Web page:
The question may seem strange since today a reference calendar exists for most of the planet, but in reality it has not always been so and the choice of January 1 to celebrate the New Year is relatively recent. .
While most of the world celebrates the event when it is midnight and therefore at the exact moment of entering the year 2017, let us ask ourselves why it is on January 1st that we celebrate the New Year. Indeed , it has not always been associated with this date and still is not in some cultures.
Ancient civilizations celebrated the New Year at very different times of the year. Thus, the ancient Mesopotamians celebrated the New Year for twelve days during the Akitu festival which took place around the spring equinox while the Greeks celebrated the event around the winter solstice, on December 20. As reported by the Roman Censoriuson the Egyptian side, the New Year was celebrated on July 20, according to a 1940 article to be consulted in the journal Proceedings of the American Philosophical Society.
In Roman times, the New Year was celebrated on March 1. It was the month of the beginning of the military campaigns, Mars being the god of war among the Romans. Then in 46 BC. J.-C., Julius Caesar created the Julian calendar, a solar calendar intended to replace the Roman calendar which seemed to him too fluctuating. But the application of the Julian calendar was not easy and we continued to celebrate the New Year on different dates.
It was not until 1582 and Pope Gregory XIII that the Gregorian calendar was introduced in order to correct the secular drift of the Julian calendar. First used by Catholic states, it spread to most of the world at the beginning of the 20th century for civil uses, while other calendars from different cultures are still used for religious or traditional uses.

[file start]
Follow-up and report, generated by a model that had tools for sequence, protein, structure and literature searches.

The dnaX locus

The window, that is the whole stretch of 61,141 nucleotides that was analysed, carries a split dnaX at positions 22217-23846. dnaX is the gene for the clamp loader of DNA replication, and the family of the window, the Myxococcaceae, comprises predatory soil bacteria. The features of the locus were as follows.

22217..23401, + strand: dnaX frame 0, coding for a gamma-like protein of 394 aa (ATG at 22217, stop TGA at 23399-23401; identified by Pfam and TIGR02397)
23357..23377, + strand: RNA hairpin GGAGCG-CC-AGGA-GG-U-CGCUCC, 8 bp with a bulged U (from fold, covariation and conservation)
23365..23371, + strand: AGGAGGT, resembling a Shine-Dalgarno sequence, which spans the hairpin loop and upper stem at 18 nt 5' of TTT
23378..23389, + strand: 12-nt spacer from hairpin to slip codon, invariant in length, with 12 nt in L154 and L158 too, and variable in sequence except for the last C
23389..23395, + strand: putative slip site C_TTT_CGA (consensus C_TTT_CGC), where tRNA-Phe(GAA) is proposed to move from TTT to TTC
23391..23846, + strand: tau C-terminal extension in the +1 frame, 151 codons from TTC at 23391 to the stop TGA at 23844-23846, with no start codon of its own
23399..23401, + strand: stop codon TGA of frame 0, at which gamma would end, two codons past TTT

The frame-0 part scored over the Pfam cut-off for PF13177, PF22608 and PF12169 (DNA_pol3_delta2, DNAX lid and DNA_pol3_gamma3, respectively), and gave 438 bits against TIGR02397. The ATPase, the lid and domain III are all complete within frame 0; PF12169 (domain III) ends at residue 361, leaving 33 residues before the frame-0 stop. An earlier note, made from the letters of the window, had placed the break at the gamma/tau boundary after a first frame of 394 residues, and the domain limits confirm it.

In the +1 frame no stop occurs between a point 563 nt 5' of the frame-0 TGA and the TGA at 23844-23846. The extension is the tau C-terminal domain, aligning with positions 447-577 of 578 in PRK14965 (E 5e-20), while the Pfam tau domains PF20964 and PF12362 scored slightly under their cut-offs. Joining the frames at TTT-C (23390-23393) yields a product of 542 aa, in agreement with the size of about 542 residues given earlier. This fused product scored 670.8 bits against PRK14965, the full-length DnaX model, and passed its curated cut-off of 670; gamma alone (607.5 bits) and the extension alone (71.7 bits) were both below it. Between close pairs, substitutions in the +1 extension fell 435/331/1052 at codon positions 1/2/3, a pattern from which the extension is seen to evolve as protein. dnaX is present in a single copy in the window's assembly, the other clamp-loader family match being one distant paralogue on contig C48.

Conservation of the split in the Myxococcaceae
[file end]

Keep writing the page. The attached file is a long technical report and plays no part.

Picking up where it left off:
Why January 1?
Although the choice of the date of the new year is essentially arbitrary from a planetary perspective, there is a remarkable astronomical event that occurs at this time: the Earth is closest to the sun at the beginning of January. This is called perihelion. For 2017, this point will be reached on January 4. Thus, January 1 is globally considered New Year’s Day even though some countries have not adopted it such as Afghanistan, Ethiopia, Iran, Nepal and Saudi Arabia.
For other cultures, celebrations are also planned on other dates. This is the case for the Islamic calendar, the Jewish calendar or even the Chinese calendar, all three of which are lunar calendars. For example, the famous Chinese New Year will fall on January 28, 2017 this year.